· News

Careers advice 'lottery' needs overhaul, says National Careers Council

Careers advice and services in schools need to be urgently improved, according to a report by the National Careers Council.

The National Careers Council, an advisory body set up by the government, first issued a report on careers provision in June 2013. The latest report says that progress since then has been slower than hoped, with many young people not receiving the advice they need.

The report highlights that receiving decent careers advice is a postcode lottery. It shows that while one region in England has 134 careers advice providers, another has only one.

It also says that high investment in adult career services is coming at the expense of advice for young people. It says that with schools now facing the biggest change to the provision of careers advice in almost 40 years (a statutory duty to secure access to advice for pupils), the government must provide more support.

The report makes four key recommendations:

1. The government should establish an employer-led advisory board to advise on careers provision.
2. The government should provide school and colleges with free and/or subsidised access to independent and impartial career development professionals’ expertise.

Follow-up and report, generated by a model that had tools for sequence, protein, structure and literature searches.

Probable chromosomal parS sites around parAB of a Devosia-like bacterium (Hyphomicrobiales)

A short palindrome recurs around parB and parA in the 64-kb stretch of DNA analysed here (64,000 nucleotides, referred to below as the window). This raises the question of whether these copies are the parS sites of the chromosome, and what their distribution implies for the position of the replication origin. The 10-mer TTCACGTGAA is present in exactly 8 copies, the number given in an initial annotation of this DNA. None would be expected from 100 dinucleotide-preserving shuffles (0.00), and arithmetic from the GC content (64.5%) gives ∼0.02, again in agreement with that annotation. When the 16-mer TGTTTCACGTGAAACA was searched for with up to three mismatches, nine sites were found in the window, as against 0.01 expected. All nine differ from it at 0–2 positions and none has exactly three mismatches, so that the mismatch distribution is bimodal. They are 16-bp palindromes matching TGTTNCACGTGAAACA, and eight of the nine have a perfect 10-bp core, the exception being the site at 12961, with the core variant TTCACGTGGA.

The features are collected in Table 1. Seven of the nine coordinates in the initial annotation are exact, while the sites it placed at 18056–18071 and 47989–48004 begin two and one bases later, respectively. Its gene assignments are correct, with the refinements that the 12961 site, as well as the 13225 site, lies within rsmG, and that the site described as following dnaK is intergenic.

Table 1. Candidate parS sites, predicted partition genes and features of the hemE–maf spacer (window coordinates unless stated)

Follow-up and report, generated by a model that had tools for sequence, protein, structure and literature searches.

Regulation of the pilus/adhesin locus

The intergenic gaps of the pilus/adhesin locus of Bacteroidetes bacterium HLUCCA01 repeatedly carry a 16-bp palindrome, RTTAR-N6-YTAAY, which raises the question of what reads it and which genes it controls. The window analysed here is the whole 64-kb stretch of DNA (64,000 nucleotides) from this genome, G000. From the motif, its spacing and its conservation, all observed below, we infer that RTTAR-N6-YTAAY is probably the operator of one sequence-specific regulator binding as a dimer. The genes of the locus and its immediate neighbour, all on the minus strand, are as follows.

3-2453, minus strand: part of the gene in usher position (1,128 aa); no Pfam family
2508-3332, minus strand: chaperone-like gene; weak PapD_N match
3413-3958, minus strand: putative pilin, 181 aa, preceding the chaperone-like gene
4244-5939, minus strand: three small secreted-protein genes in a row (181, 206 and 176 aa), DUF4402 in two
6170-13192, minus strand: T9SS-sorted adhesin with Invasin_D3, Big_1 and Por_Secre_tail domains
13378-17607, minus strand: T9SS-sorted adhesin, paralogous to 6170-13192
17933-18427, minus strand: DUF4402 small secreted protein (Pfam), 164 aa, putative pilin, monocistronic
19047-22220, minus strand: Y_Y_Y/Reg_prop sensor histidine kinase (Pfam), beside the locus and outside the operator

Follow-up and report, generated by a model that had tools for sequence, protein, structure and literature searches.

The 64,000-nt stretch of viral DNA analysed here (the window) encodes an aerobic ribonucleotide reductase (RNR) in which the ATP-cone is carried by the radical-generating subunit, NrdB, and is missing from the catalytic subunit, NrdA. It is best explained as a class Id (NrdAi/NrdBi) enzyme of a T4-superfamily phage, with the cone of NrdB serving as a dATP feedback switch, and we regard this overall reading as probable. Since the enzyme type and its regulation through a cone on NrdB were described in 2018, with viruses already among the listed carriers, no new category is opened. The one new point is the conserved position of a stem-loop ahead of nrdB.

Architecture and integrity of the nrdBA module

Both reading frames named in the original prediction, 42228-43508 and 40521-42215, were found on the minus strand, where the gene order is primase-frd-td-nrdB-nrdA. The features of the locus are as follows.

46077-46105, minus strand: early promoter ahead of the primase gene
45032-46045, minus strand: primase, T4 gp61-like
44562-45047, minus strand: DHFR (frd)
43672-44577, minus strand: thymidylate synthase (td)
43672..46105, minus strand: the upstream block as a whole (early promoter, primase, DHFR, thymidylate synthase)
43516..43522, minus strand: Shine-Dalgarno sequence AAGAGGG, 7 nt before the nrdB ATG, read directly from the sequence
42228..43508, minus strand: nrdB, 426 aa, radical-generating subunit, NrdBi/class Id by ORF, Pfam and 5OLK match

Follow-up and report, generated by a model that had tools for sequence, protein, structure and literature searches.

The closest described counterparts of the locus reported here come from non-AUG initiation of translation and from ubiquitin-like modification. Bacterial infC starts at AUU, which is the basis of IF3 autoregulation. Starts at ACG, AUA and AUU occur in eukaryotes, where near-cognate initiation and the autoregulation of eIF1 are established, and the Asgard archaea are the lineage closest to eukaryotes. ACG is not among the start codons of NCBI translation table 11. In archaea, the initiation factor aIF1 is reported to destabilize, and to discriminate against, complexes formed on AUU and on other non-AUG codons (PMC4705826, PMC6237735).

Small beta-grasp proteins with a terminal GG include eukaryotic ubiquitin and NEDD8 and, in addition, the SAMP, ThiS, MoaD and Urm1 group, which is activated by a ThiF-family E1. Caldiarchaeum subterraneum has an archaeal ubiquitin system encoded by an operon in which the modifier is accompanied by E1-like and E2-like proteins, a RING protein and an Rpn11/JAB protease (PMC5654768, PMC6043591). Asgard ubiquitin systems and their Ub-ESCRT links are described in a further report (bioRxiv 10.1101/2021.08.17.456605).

3. The National Careers Service should improve its website to make it more appealing to young people, parents and teachers.
4. The government should support the scaling up of existing and successful initiatives and the piloting of innovative local models.

Deidre Hughes, chair of the National Careers Council, said “a culture change in careers [is] urgently needed”.

“Some progress has been made in the last 12 months, but this has been far too slow,” she added. “Meanwhile, our education and labour markets remain complex and confusing for young people, parents and teachers. We urge government and others to take action across England to halt the rapid decline in careers services for young people."

Neil Carberry, CBI director for employment and skills policy, added that shifting responsibility for careers advice to schools had been a “failure”.

“Schools, government and businesses all have a role to play in fixing the problem, it cannot be shouldered by schools alone,” he said.